I say it again: There are so many knowledge gaps in the process of being raised from death to life! What happens at the moment of death? Will my spirit rise out of my physical body and go immediately to heaven? Is there a waiting period, where my soul rests in unconsciousness until the Last Day, when Jesus comes again?

What happens when I stand before the Throne of God? There is no condemnation for those who are in Christ, but I will still have to give an account of my life; an accounting for the way I’ve lived. I may not face the White Throne judgement, but “we will all stand before the Judgment Seat of God… and each one of us will give an account of himself to God” (Rom. 14:10).

That. Is. Terrifying.

Imagining that moment of standing before God and giving an account of my life? It terrifies me. And I know that God loves me unconditionally! But to stand in the presence of utter Holiness and Righteousness, of Omnipotence and Omniscience… it makes my heart quake to even begin to imagine that moment. Yes, my sins are covered by the sacrifice of Christ, but will there be a moment where I see the wrath of God before Jesus steps in as Mediator?

For we do not have a high priest who is unable to sympathize with our weaknesses, but one who in every respect has been tempted as we are, yet without sin. Let us then with confidence draw near to the throne of grace, that we may receive mercy and find grace to help in time of need. -Heb. 4:15-16

Perhaps this is a healthy fear. A reverence. A sense of awe and wonder and respect that we lose all too easily this side of heaven. There will be a reckoning for the way we’ve lived. Our deeds, good and bad, do not earn us heaven or keep us out (faith alone can do that), but we will answer for them before God, and be rewarded accordingly (Rev. 22:12).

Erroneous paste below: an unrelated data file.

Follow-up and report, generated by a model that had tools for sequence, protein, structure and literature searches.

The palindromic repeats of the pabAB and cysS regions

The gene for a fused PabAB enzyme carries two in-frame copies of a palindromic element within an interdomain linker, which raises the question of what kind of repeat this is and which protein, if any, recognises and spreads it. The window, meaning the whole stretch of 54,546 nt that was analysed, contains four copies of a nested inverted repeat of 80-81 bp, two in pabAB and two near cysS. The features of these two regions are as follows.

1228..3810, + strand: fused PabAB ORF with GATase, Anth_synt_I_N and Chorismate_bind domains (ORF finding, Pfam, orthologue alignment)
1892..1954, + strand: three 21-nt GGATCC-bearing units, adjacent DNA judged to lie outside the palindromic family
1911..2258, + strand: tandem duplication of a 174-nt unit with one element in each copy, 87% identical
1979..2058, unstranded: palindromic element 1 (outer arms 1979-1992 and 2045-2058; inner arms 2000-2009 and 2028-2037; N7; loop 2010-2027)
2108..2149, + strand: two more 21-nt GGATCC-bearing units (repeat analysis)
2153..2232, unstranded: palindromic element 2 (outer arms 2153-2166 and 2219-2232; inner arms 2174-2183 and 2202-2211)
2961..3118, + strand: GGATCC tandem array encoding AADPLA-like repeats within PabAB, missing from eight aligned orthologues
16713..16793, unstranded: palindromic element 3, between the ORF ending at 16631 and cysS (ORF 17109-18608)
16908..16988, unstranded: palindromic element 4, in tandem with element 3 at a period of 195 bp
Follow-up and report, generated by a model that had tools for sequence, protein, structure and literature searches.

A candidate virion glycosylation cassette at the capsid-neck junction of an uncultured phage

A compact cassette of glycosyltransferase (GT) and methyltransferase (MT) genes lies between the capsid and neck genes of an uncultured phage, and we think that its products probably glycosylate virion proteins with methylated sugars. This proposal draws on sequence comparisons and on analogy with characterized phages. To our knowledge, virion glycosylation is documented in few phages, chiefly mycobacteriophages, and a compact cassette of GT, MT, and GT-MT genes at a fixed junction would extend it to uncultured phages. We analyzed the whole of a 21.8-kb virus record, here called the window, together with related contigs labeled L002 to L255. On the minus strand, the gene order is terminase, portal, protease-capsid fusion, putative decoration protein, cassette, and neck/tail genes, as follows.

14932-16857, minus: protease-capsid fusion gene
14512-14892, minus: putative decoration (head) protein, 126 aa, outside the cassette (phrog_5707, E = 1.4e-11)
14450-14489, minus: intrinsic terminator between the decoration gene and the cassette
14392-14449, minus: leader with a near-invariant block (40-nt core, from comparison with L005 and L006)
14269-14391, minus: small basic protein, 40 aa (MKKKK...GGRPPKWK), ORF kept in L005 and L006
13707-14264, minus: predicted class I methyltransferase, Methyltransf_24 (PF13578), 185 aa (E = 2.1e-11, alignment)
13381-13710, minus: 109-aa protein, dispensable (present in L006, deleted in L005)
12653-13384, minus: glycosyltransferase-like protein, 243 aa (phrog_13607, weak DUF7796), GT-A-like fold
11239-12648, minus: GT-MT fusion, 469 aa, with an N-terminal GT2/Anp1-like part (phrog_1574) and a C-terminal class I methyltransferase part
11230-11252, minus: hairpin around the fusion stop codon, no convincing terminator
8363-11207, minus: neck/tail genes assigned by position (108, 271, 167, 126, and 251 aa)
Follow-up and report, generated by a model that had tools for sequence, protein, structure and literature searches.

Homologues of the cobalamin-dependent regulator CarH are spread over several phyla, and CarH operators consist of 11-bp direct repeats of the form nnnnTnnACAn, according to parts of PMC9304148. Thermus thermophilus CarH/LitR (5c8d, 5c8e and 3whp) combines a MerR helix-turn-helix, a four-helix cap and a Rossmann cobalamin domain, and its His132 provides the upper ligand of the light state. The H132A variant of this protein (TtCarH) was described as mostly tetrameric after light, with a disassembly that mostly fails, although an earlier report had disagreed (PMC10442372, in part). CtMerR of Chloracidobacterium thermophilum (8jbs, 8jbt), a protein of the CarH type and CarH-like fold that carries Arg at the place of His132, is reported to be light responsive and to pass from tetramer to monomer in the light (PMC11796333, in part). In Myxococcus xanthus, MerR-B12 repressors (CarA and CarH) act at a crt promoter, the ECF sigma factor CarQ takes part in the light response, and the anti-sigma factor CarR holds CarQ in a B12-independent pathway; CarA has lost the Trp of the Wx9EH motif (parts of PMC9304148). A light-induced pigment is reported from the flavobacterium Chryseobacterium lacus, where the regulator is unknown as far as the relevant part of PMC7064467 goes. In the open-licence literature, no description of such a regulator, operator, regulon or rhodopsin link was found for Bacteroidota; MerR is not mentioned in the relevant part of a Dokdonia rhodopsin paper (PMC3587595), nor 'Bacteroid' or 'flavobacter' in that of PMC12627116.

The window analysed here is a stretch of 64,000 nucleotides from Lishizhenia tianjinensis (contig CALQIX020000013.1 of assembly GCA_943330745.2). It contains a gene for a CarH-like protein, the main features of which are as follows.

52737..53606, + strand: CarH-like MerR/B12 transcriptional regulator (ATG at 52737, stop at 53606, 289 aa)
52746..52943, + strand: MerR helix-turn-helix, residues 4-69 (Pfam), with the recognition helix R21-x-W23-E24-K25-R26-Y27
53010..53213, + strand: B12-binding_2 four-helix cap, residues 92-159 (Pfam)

As a child, I never understood why my mom used to always quote Matthew 25. It didn’t seem like a big deal to me to, at the end, hear God say, “Well done, good and faithful servant.” But today I understand. That’s all I could ask for. That is my hope – to hear from my Lord, my King, my God, “Well done, good and faithful servant… Enter into the joy of your master.”

 “The Spirit and the Bride say, ‘Come.’ And let the one who hears say, ‘Come.’ And let the one who is thirsty come; let the one who desires take the water of life without price.” -Rev. 22:17

Authentically Aurora

Always.

Alan RickmanMy heart is so sad today. Alan Rickman was one of my favorite actors of all time, and I love him even more after reading all the tributes that shed light on who he was off screen.

Alan was one of the rare actors who understood the complexity of the INTJ persona; he magnificently portrayed multifaceted antagonists and, as Stephen Fry wrote, was “a man of such talent, wicked charm and stunning screen and stage presence. He’ll be sorely missed.”

JK Rowling described Alan as “a magnificent actor and a wonderful man.” Others called him “deeply principled”. Daniel Radcliffe described him as loyal, supportive and encouraging. “Contrary to some of the sterner (or downright scary) characters he played, Alan was extremely kind, generous, self-deprecating and funny.”

Emma Thompson’s tribute is my favorite, articulated with a bittersweet mingling of admiration and sorrow: “What I remember most in this moment of painful leave-taking is his humour, intelligence, wisdom and kindness. His capacity to fell you with a look or lift you with a word. The intransigence which made him the great artist he was – his ineffable and cynical wit, the clarity with which he saw most things, including me, and the fact that he never spared me the view. I learned a lot from him. He was the finest of actors and directors. I couldn’t wait to see what he was going to do with his face next. I consider myself hugely privileged to have worked with him so many times and to have been directed by him. He was the ultimate ally. In life, art and politics. I trusted him absolutely. He was, above all things, a rare and unique human being and we shall not see his like again.”

Take note, young stars. This is the kind of legacy you want to leave behind.

Wand Tribute

Authentically Aurora